Healthy Ageing, the Role of Nutrition and Lifestyle : The Report of a British Nutrition Foundation Task Force / Edition 1

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Year on year, countries across the world continue to see an increase in life expectancy, largely attributed to the impact of modern medicine and disease eradication. There is now increasing evidence that environmental factors such as diet and lifestyle also have a significant role to play. However with this increase in years there often comes an unfortunate rise in chronic morbidity, with the quality of later life severely compromised by ill health. With age being the single greatest risk factor for a large proportion of common medical conditions, this latest report from the British Nutrition Foundation looks in detail at the role nutrition and physical activity can play in ensuring that the older adults of tomorrow can lead not only longer, but healthier lives.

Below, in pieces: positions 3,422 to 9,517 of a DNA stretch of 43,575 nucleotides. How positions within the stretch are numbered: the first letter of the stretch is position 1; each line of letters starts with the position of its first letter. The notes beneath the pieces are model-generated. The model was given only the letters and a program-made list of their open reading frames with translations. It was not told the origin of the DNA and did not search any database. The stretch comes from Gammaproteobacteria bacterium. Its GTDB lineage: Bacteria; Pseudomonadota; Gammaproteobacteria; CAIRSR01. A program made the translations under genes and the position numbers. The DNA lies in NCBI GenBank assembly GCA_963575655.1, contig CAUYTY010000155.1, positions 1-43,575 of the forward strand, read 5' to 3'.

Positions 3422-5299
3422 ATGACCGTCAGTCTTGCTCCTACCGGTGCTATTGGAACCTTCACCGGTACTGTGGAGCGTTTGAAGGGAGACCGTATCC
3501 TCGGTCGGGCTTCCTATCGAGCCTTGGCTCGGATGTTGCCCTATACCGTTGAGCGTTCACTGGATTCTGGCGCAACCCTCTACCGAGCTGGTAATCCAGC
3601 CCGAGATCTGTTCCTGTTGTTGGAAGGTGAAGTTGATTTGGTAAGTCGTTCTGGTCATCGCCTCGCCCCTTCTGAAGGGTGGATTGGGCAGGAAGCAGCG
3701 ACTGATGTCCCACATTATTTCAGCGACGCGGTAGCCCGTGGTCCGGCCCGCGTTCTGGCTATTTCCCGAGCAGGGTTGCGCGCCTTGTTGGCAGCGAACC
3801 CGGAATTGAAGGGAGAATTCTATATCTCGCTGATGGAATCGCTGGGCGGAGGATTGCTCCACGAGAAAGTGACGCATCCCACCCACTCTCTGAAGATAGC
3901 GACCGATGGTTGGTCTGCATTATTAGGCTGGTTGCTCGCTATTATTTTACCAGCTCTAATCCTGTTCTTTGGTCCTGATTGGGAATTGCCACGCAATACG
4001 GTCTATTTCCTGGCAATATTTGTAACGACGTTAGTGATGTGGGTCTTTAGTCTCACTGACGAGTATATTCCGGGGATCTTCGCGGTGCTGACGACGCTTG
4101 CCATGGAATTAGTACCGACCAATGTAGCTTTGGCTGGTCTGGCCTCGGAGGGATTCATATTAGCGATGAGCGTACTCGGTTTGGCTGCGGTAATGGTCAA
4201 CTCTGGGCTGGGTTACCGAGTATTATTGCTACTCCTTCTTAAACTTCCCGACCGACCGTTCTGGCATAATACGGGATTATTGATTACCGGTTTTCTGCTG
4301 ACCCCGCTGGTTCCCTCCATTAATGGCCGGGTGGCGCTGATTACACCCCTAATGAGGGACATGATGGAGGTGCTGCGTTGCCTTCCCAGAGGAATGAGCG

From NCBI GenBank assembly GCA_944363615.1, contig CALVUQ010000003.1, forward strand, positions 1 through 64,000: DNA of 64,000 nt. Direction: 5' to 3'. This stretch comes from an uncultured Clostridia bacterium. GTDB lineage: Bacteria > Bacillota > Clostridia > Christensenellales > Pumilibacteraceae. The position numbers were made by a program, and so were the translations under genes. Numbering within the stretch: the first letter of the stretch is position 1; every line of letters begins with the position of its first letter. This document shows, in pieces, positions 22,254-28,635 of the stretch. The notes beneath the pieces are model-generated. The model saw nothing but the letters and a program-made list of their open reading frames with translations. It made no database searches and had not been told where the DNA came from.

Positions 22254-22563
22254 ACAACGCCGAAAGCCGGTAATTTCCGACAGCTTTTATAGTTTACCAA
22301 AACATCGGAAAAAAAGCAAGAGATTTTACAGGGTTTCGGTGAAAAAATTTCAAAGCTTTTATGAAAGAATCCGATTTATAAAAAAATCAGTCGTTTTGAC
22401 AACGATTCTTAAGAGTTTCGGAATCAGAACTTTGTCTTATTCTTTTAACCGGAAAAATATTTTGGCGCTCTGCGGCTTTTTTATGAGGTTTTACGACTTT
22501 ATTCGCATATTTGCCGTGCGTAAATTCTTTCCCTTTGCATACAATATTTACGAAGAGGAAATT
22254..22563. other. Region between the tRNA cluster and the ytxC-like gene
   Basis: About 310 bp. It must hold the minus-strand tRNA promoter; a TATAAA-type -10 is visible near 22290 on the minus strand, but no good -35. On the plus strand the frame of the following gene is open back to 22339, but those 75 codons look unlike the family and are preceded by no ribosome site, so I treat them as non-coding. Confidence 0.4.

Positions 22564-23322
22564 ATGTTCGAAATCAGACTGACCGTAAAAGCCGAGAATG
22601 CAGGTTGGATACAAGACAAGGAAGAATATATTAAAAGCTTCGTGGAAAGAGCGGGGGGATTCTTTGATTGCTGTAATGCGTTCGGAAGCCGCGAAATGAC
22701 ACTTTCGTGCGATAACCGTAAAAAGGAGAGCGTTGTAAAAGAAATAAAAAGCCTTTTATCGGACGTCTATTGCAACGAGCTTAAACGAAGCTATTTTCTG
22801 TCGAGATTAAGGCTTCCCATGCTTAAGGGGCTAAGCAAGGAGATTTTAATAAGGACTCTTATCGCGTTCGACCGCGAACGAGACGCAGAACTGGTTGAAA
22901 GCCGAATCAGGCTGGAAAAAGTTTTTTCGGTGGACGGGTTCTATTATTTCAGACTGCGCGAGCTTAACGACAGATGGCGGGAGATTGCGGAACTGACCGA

• Written by a team of well known and respected experts
• Describes the role of diet and lifestyle in the ageing process of the major body organs and tissues including the brain, heart, gastrointestinal tract, musculoskeletal tissues, eyes, teeth and skin, as well as immune and endocrine systems
• Provides essential information for anyone involved in promoting health and quality of life for older people
• Each chapter includes a summary of the key points, as well as important recommendations to help identify long-term strategies for healthy ageing
• An overview of the main messages of the report are provided in a practical question and answer format suitable for lay readers Full of invaluable information on a subject which is set to increase in importance as the average age of populations rise worldwide, this book is crucial reading for students of nutrition, dietetics and food science, clinical nutritionists, public health nutritionists and policy makers. It will also provide an excellent reference for those working in the food industry and for nutritional supplement manufacturers and pharmaceutical companies.

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Editorial Reviews

From the Publisher
January 2009's British Nutrition Foundation’s healthy ageing conference in London was produced to mark the launch of a new book called Health Ageing:The Role of Nutrition and Lifestyle, published by Wiley-Blackwell for the BNF. (Food Manufacture)